New Delhi, March 18:
The group of 20 developing nations on Friday demanded that the United States and European countries cut billions of dollars in export subsidies they give their farmers within the next five years. The G-20 nations, which scuttled global trade talks in 2003 with their tough stance on agriculture policy, said at a meeting in the Indian capital that these countries must end export subsidies within â€œa period no longer than five years,â€ according to a draft agreement that was to be adopted at the two-day meeting ending on Saturday. The gathering also urged other poorer nations to join their fight to correct what they described as trade imbalances created by non-tariff barriers imposed by rich countries. The five-year timeframe precedes the 2012 deadline the European Union has set for its member nations to cut farm subsidies to a minimum. The United States has yet to agree to any timeframe, but Washington has said it would reciprocate if developing countries reduced tariffs and opened their markets to foreign competition.
The meeting in New Delhi was called to discuss a â€œcommon strategy and positionâ€ for the group ahead of the next round of World Trade Organization talks to be held in Hong Kong in December. â€œAs we travel the road to the Hong Kong ministerial later this year, we have some serious work ahead of us,â€ Indian Commerce Minister Kamal Nath said as he opened the meeting in New Delhi. â€œWe will be focusing primarily on agriculture. But we will also have a brainstorming session on the linkages with other issues,â€ he said. India, China and Brazil led the 20-country group that blocked a US-European Union proposal on farm trade at the last WTO ministerial talks, held in Cancun, Mexico, in September 2003. The talks collapsed when the poorer nations refused to ease investment rules and open their agricultural markets to foreign competition unless rich countries stop giving their farmers billions of dollars in subsidies and cut other non-tariff barriers to trade.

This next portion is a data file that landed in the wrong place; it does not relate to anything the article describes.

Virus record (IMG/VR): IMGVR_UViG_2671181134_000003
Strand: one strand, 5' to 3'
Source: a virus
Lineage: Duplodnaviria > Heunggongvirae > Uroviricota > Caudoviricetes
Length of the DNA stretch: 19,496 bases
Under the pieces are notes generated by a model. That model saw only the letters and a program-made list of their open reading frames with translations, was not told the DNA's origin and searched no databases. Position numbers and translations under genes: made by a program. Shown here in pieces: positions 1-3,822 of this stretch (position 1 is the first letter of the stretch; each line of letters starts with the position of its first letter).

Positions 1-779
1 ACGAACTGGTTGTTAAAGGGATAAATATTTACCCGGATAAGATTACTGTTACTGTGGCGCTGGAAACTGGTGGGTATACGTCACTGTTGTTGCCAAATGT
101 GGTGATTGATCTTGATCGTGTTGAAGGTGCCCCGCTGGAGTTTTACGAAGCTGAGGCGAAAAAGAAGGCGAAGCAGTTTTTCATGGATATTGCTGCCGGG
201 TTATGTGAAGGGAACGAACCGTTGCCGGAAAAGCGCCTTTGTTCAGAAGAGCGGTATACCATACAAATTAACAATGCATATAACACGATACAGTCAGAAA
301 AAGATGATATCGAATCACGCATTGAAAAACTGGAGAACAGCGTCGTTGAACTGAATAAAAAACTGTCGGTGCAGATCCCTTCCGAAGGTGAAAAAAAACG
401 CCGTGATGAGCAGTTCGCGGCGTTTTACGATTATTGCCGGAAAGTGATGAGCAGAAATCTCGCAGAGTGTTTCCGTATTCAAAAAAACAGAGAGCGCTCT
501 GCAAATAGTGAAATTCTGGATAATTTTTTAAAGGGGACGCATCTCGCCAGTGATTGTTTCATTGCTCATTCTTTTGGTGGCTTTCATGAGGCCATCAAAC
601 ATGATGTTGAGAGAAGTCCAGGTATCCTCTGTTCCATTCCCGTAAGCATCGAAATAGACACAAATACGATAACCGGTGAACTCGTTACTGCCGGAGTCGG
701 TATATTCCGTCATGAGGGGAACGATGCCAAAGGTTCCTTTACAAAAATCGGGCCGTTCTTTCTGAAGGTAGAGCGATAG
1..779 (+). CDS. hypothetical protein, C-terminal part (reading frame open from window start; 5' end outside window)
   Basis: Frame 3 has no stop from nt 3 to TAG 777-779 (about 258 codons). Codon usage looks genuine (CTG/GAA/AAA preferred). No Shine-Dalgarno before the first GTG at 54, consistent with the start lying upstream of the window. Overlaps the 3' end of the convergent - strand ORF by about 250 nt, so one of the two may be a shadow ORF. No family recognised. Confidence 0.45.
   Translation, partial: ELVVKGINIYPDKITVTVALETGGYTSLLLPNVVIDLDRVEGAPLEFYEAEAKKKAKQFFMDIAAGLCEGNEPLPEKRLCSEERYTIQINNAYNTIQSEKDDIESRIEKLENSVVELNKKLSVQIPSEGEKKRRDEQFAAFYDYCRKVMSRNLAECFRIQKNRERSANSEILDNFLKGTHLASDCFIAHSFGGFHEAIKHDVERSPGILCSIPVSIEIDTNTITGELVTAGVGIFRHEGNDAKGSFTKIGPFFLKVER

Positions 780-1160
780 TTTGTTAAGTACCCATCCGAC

Last July, WTO diplomats met in Geneva and hammered out a framework agreement on the contentious issue so that negotiations on a new global trade treaty could be revived. The WTO held a meeting in Kenya this month seeking to settle key issues before the Hong Kong conference. Brazilâ€™s trade minister, Celso Amorim, said the two-day gathering in New Delhi demonstrated unity among poor nations in protecting economic interests. When asked what he expected from the meeting Amorim said, â€œA lot.â€ Participants at the G-20 meeting in New Delhi will also discuss non-tariff barriers, such as tough sanitary standards on food imports from developing countries that have been imposed by the European Union and others. The group consists of India, Brazil, South Africa, Argentina, Bolivia, Chile, China, Cuba, Egypt, Guatemala, Indonesia, Mexico, Nigeria, Pakistan, Paraguay, Philippines, Tanzania, Thailand, Venezuela and Zimbabwe.